InterVarsity’s best evangelism project should no longer be a well-kept secret. “Zero conversion coaching is our most successful and most fruitful project,” said Evangelism Director Doug Schaupp. “I don’t have any other tool that has worked 100 percent of the time. It always produces conversions.”
Conversion to life in Christ is one of InterVarsity’s best metrics, and we’ve seen incredible growth in recent years. Decisions to follow Jesus surpassed 4,500 last year, up by 130 percent from ten years ago. “That includes 10 new believers a day for the past four years,” Doug said. But the increase is not consistent across the board. “Many chapters saw zero conversions last year.”
Melissa Montecuollo inherited one of those zero conversion chapters. After teaching middle school English for several years, she longed for a job that allowed for more spiritual conversations and transformative opportunities. It was difficult to have conversations with middle schoolers in public school about how they could improve their lives.
She considered joining InterVarsity staff. “When I heard about Northridge not having any staff at the time, I just knew I had to be there,” she said. California State University—Northridge was close to where she grew up. “I knew that was a place where God wanted to do something.”
Melissa’s arrival at Northridge brought stability to the chapter, and she enjoyed investing in the students’ lives. “With InterVarsity, I could have real conversations with students about God and faith, and about their hopes and dreams for their future,” she said.
And yet transformation didn’t seem to be happening as she had hoped it would. “We kind of knew what to do but we didn’t know how to cultivate a culture of students who were ready to say yes to Jesus in some way.”
Melissa was thrilled to find out that the Evangelism Department had started offering zero conversion coaching for chapters like hers. After four years at Northridge, she was ready to sign up.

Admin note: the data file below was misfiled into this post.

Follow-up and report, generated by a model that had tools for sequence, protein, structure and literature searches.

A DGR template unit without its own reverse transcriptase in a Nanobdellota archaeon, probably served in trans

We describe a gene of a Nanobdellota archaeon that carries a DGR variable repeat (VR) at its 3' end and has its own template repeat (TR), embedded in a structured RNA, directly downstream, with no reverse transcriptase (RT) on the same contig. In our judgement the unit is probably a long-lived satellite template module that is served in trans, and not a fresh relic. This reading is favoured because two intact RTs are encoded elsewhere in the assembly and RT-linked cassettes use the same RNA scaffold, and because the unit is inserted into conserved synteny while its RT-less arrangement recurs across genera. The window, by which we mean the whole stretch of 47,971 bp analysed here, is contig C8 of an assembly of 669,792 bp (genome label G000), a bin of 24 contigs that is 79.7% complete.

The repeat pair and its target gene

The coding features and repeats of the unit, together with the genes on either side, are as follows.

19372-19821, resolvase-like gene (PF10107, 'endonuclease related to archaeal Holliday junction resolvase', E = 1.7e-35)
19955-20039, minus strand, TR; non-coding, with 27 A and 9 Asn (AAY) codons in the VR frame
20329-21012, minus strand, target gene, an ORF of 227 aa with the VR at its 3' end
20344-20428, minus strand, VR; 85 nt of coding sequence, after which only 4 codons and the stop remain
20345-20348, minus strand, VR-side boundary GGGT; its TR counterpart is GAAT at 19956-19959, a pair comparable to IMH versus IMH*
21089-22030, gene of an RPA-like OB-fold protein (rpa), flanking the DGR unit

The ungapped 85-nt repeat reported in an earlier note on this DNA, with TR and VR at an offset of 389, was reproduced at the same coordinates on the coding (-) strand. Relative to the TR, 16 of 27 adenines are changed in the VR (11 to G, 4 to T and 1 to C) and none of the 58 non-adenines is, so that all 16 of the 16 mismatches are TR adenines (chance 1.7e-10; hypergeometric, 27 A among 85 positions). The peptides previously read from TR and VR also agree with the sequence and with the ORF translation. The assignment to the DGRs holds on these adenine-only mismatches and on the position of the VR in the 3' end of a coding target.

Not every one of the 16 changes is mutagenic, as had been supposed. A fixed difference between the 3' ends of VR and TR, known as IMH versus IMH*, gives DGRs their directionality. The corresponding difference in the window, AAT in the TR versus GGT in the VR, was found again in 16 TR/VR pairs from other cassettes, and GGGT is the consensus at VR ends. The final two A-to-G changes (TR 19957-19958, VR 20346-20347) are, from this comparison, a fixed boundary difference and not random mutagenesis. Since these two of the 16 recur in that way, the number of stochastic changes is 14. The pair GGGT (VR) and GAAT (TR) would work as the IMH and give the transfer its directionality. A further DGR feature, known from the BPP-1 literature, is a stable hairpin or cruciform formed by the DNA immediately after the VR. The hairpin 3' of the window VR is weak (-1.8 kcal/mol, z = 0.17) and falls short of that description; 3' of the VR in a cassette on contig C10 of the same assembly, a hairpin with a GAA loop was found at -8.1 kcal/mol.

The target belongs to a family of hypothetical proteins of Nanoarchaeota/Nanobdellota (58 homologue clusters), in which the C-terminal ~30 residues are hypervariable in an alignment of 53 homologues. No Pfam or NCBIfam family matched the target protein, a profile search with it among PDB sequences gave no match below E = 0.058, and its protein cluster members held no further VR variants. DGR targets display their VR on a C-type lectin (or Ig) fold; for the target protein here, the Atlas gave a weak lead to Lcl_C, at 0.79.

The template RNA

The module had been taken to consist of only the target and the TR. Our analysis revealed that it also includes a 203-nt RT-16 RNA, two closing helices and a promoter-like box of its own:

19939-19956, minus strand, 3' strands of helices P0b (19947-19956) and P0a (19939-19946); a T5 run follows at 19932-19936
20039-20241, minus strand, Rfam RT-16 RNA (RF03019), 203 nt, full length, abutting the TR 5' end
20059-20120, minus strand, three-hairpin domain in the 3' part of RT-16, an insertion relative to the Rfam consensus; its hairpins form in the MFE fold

Zero conversion coaching was created by Bryan Enderle, a part-time staff member who is also a very popular chemistry lecturer at the University of California—Davis. Bryan has been an InterVarsity staff member for 16 years, and for the past three years he’s been an evangelism coach. Learning about so many chapters without conversions compelled him to respond and develop a coaching plan.
“The most common problem in zero conversion chapters is not doing an ask,” Bryan said. “They don't ask people to believe.” Doug quotes James 4:2, “You do not have because you do not ask.”
Other common problems are looking only for first time believers and not nominal Christians who are Christian in name only, and using Scripture passages and wording that doesn’t resonate with listeners. And, sometimes, the answer to the zero conversion problem is as simple as helping a chapter recognize when someone actually has made a decision to follow Jesus.
Melissa’s coach at Northridge was Leslie Jonan (now Leslie Kearsley), from the University of California—Los Angeles. Leslie and Melissa had been interns together and both had been on staff for about four years. But Leslie’s experience at one of InterVarsity’s top ten conversion campuses helped her give Melissa a new perspective.
“They just need someone who is checking in with them, giving them application steps, being outside eyes, and helping them move forward,” Bryan said. The coach doesn’t necessarily have all the answers; sometimes they are just somebody to talk with and answer questions. The coaching is done by phone or video, and entails one 90-minute call per month for nine months.
Working together, Melissa and Leslie both had ideas that they were able to discuss and evaluate. Melissa changed the way invitations to faith were given at large group meetings and began collecting written records on decisions that were made. Leslie also helped her with ideas on how to invite students to Fall Conference. “That was really helpful for getting students there who were ready to make decisions,” Melissa said.
With Leslie’s coaching assistance, Melissa saw a culture change at Northridge last year. The theme of the year was, “What does it mean to say yes to Jesus?” There were 25 first-time conversions or returns to faith. “We are providing opportunities for people to say yes to Jesus,” Melissa said. “If we help create the culture where that’s the norm, then the choice is there to say yes to Jesus or not, and we don’t have to worry about that.”
Doug is pleased that all of the chapters who have participated in coaching for the full nine months have seen new faith decisions. “This includes West Coast, Midwest, and East Coast chapters, state schools, private schools, and community colleges, plus International Student Ministry and Black Campus Ministry,” he said. “Even student leaders are signing up for our coaching.”
The secret is getting out. Coaching is accelerating InterVarsity’s mission on campus.
Photo of CSU--Northridge students by Melissa Montecuollo.